Historical Facts About Calabar
Calabar has been known to European sailors as far back as the 15th century and was recognised as an international sea port since the 16th century. Calabar was a major slave trade port from the late 17th to 19th centuries. Though lacking the impressive forts found in Ghana and Senegal, Calabar sits in the Bight of Biafra, a region from where approximately 25-30% of Africans transported to the new world as slaves left Africa. This percentage represents the largest single point of exit.
The city once served as the seat of Government of the Niger Coast Protectorate, Southern Protectorate and Oil River Protectorate (effectively the headquarters of modern day Nigeria). Due to her early role in international trade and colonial administration, Calabar hosts the earliest Military barracks, the first Presbyterian church (Church of Scotland Mission) in 1846, the first Monorail and the first modern road network in Nigeria. The city also boasts of the first public (general) Hospital in Nigeria – St. Margaret Hospital, the oldest Post Office and one of the first two Botanical Gardens in the country.
Prominent figures in the history of Calabar include King Archibong III – the first King in southern Nigeria to be crowned with regalia sent by Queen Victoria of the United Kingdom, in 1878. Others include Eyo Ita, the first Nigerian Professor; Louis Edet, first Nigerian Inspector General of Police; Margaret Ekpo,, first woman special member in Nigeria’s Eastern House of Chiefs and later Eastern House of Assembly; Hogan “Kid” Bassey, first Nigeria’s World Boxing Champion; and Etubom Oyo Orok Oyo, premier football administrator, first and only Nigerian so far to be elected into Executive Committee of FIFA (1980 – 1988) and the first African to be made an Honorary Vice President of Confederation of African Football (CAF) (from 1988 for life).
As a social centre the city boasts of the first social club in Nigeria – The Africa Club – and also hosted the first competitive football, cricket and field hockey games in Nigeria. Among the city’s firsts include the first Roman Catholic mass (held at 19 Bocco Street, Calabar – 1903) and the oldest secondary school (Hope Waddell Training Institution – 1895) in eastern Nigeria. The school later produced the first President of Nigeria, Nnamdi Azikiwe.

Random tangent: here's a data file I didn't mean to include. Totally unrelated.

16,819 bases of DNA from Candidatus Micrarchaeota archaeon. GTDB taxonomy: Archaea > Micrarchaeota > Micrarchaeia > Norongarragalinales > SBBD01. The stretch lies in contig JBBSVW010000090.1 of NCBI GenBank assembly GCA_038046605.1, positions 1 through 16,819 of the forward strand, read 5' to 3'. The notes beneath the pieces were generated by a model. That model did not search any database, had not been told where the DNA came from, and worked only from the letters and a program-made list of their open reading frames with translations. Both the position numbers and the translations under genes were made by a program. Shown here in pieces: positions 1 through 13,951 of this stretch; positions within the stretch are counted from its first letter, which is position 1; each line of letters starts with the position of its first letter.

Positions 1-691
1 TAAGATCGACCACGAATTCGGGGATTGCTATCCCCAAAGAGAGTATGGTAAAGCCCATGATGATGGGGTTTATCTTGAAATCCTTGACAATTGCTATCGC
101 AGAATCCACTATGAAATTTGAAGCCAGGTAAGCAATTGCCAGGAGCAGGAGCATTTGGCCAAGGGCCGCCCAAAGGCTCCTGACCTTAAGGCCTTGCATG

The city boasts of an international museum, a botanical garden, a free trade zone and port, an international airport and seaport, an integrated sports stadium complex, a cultural centre, one of the most prominent universities in the country – the University of Calabar, a slave history park and several historical and cultural landmarks. It also boasts of several standard hotels, resorts and amusement parks. Calabar also plays host to TINAPA, one of the most recognised tourist centres.
The Cross River State annual Christmas festival held every year attracts thousands within and beyond Nigeria. The festival includes music performance from both local and international artists, the annual Calabar carnival, boat regatta, fashion shows, Christmas Village, traditional dances and the annual Ekpe Festival is a yearly events that bring in thousands of tourists at the time of the year. The official website of the Cross River Festival is http://www.crossriverfestival.com.
The Bakassi Territorial Dispute
Bakassi was founded around 1450 by the Efik of coastal south eastern Nigeria, and was incorporated within the political framework of Calabar Kingdom along with Southern Cameroons.
During the European scramble for Africa, Queen Victoria signed a Treaty of Protection with the King and Chiefs of Calabar on 10 September 1884. This enabled the United Kingdom to exercise control over the entire territory of Calabar, including Bakassi. The territory subsequently became de facto part of the Federal Republic of Nigeria, although the border was never permanently delineated. Interestingly, even after Southern Cameroons voted in 1961 to leave Nigeria and became a part of Cameroon, Bakassi remained under Calabar administration in Nigeria until the International Court of Justice’s judgement of 2002 which ceded ownership of Bakassi to Cameroon.
For more detailed information about the Bakassi Peninsula dispute click here
Membership Newsletter is coming out soon.